Art and Anarchy
The British Broadcasting Corporation is one of the most remarkable monuments, this side of the Renaissance, to the ideals and industry of a single man. For its founder, Lord Reith, was someone who believed whole-heartedly in the improving and uplifting effect of human culture. He also believed that, if all considerations of profit or sensationalism were set aside, this culture could be widely diffused without any loss of quality. Accordingly Professor Edgar Wind has shown himself a master of a certain kind of provocative irony in his choice of subject for the Reith Lectures he delivered in 1960—these being a set of six 28-minute talks given annually on the Home Service in honor of the Corporation’s founder. For Art and Anarchy, which is a revised and enlarged version of these lectures, is a systematic attack upon one of the presuppositions of modern cultural diffusion.
Wind poses the problem like this: For the Greeks art was essentially an anarchic or subversive element. But, in the normal course of their lives, they were exposed to very little of it. Today, however, all this has changed. With modern methods of reproduction and display, we see or hear art a great deal of the time. So the question arises, How do we manage to retain our balance or sobriety? And to this Wind’s answer is that we today are comparatively immune to the distemper of art because art has come to mean so little to us. “We are much given to art, but it touches us lightly, and that is why we can take so much of it, and so much of so many different kinds.” Art, the Professor tells us nostalgically, “has lost its sting.”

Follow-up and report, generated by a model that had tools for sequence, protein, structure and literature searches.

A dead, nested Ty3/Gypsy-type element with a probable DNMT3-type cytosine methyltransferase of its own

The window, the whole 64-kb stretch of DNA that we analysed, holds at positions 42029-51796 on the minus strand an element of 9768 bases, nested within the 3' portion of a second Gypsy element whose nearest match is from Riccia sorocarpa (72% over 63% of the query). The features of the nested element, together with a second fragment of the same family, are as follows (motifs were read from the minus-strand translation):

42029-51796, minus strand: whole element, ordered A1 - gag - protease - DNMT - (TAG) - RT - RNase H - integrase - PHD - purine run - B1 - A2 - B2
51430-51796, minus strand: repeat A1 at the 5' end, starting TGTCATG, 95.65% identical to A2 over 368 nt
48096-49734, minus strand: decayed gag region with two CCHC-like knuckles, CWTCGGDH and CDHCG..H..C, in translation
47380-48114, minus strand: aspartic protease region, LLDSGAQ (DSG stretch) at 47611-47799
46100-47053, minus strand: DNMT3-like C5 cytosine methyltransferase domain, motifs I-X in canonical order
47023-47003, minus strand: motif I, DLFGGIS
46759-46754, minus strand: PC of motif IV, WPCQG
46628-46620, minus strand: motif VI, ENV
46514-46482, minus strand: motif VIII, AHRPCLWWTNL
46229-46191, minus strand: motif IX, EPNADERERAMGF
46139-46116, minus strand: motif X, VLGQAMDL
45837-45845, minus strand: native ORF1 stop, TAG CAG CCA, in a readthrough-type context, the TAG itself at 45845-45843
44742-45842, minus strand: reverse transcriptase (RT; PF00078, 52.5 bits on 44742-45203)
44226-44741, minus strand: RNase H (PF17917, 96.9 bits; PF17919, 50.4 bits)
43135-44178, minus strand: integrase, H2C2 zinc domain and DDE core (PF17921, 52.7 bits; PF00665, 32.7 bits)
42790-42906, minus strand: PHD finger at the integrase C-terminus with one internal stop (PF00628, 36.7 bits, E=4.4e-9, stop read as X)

For this stark, pessimistic thesis support might be elicited from historical or sociological fact: from descriptions of ancient life, or from our own insight into our own society. But this, significantly, is not how Wind proceeds. He prefers to go to poets, painters, philosophers, for evidence. And even the bold contrast that he draws, and on which so much of his book depends, between the classical city-state where art was held in fear and veneration, and contemporary mass society, where the typical responses to art are apathy or a facile curiosity, is derived entirely from a confrontation of two famous philosophical texts: Plato’s Republic and Hegel’s Philosophy of Fine Art. It is the distance between Plato’s “holy fear” and the “innocent frolic” with which Hegel identified the typical productions of modern art that Professor Wind is recording when he talks of the extent to which art has, over the centuries, moved from the center of human interest to the periphery.
The testimony of any great artist or thinker upon the condition of his age is bound to be precious, and one could scarcely find a subtler or more ingenious interpreter of these various observations than Professor Wind. Yet as we listen to his highly persuasive argument, it is difficult to resist the …